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FWSR4 FY22 Science Support Partnership and Quick Response

Organization: SSP-QR FWSR4
Name: FY22 Science Support Partnership and Quick Response
Submission Period: April 19, 2021 12:00 PM MDT - June 3, 2021 3:00 PM MDT

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The Southeast Regional Review Team is soliciting proposals for the Science Support Partnership (SSP) and Quick Response (QR) programs. These programs are a cooperative effort between USGS and the Service to address key scientific and information needs that will best help the Service make important conservation and management decisions.  We expect USGS will have approximately $363,000 available in FY 2022 for new SSP and QR starts in the Service‚Äôs Southeast Region. A wide range of research projects, biological studies, and other forms of technical assistance have been funded by these programs in the past, and competition for the funds generally is very high. 

Proposals should originate as a result of joint collaboration among Service Project Officers and USGS Principal Investigators, with an emphasis on key Service information needs. SSP projects can span several years. QR projects can be no longer than 18 months nor require more than $25,000. These projects also should address a priority issue, but tend to be smaller in scope and address more local needs than SSP.  The Southeast Region targets SSP funding to support projects that help FWS field staff prioritize and decide where, how much, and what kinds of conservation or management actions are needed to support sustainable populations of:

  • Threatened, endangered, candidate or other Federal trust species with declining population status,
  • Southeast Association of Fish and Wildlife Agency (SEAFWA)/FWS priority petitioned species,
  • Species that serve as a proxy for fish and wildlife service trust species, ecological communities, or habitat types.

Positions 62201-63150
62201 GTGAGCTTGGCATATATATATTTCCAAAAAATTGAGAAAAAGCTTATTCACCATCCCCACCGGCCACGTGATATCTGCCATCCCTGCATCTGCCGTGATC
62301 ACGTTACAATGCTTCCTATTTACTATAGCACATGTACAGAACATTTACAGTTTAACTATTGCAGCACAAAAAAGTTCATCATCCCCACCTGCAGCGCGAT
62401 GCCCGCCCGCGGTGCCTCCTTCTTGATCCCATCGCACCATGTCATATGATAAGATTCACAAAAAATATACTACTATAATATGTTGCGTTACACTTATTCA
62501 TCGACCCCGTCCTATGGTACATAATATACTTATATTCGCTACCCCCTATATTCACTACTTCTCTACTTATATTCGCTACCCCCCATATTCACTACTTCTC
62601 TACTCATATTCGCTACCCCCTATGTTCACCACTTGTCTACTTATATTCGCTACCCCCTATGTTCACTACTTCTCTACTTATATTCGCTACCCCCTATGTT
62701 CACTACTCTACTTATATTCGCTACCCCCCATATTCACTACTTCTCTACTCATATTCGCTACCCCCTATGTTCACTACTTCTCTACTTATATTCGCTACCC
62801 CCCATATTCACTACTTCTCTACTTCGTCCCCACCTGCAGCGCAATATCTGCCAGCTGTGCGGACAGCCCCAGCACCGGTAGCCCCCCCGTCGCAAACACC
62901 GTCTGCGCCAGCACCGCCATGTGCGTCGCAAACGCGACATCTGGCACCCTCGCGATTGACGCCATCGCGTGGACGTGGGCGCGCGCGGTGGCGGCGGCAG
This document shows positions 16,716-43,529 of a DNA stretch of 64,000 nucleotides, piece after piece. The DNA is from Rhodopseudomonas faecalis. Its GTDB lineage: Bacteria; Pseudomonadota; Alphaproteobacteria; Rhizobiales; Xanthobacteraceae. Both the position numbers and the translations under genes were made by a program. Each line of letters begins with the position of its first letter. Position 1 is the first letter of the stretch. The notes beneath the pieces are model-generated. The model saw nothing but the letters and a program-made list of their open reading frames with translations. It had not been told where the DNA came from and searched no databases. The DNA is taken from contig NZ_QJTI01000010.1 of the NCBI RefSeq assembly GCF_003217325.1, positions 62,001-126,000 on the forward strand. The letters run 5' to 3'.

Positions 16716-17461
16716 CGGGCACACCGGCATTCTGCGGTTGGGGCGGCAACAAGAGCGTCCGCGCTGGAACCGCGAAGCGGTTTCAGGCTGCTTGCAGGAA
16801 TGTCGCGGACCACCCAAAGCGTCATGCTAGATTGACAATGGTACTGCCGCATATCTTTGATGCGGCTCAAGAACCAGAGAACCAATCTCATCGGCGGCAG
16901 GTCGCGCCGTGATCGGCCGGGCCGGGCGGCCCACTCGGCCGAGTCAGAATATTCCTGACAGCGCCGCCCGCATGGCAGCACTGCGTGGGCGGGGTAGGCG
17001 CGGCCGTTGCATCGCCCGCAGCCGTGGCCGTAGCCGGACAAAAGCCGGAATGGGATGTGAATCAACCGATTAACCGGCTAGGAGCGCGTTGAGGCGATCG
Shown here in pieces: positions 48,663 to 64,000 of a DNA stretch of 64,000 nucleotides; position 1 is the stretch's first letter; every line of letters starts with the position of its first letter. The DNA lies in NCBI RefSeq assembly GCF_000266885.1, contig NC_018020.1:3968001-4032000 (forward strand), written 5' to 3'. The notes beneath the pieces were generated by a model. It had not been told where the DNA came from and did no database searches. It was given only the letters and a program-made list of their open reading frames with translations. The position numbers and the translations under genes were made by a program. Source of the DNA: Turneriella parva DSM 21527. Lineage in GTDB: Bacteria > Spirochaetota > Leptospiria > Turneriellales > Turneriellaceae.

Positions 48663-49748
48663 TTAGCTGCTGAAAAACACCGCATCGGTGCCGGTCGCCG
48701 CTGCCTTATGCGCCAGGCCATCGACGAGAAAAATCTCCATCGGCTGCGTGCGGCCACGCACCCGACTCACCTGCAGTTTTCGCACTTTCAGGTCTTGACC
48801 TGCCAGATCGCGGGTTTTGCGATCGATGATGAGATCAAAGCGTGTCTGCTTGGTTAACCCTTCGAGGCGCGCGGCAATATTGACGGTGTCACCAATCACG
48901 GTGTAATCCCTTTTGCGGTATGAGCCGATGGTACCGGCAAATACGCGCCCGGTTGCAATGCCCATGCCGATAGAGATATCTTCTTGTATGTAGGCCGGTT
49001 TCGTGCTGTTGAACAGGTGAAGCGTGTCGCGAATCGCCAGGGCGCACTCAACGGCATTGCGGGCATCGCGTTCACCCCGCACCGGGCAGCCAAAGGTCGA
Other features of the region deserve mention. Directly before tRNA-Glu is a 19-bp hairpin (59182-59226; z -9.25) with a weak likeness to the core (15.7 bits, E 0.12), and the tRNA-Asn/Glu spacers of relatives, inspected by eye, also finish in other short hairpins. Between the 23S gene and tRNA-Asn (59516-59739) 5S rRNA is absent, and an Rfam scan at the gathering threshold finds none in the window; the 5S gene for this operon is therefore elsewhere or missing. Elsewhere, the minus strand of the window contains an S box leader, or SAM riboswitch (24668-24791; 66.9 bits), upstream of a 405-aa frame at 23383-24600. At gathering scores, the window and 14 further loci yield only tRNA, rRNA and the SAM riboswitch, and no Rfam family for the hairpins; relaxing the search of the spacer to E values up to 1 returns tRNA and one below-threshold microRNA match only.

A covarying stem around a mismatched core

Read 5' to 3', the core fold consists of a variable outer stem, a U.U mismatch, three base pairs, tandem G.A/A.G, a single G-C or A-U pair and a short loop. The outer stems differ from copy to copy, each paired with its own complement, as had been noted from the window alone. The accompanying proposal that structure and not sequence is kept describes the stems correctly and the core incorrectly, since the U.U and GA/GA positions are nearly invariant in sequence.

Based on input from the Regional Science Information Needs gathering exercise held earlier this year, themes have been revised slightly to:

  1. Impact of current and future stressors (e.g. changes in water quantity/timing, sea level rise, energy development) on water resources and trust species, and effective management alternatives to mitigate the impact.
  2. Monitoring and evaluation of focus species and/or their habitats to determine if management actions achieve desired biological objectives or to test assumptions for the purpose of improving conservation delivery.
  3. Life history, status, and trends information with direct relevance for management decisions for focus species.

Cross-regional projects provide a great approach for expanding the geographic and topical relevance of a particular information need. Cross-regional proposals should be submitted to each engaged FWS region by the proposal deadline established for that region.  Please contact Yvonne Allen ( for current deadlines and contacts in other Regions.  Cross-regional proposals should indicate: 1) the FWS legacy regions involved and 2) the percentage of total funding requested from each region. 

Priority will be given to projects where results carry greater importance and urgency.  Priority will also be given to projects that will benefit one or more focus species at a landscape scale, rather than being specific a research site or station. Projects must address FWS decision making related to the criteria listed below and must demonstrate a collaborative effort between USGS and FWS (i.e. the agency project manager or designee does more than just sign off on reports). 

Documents available for download

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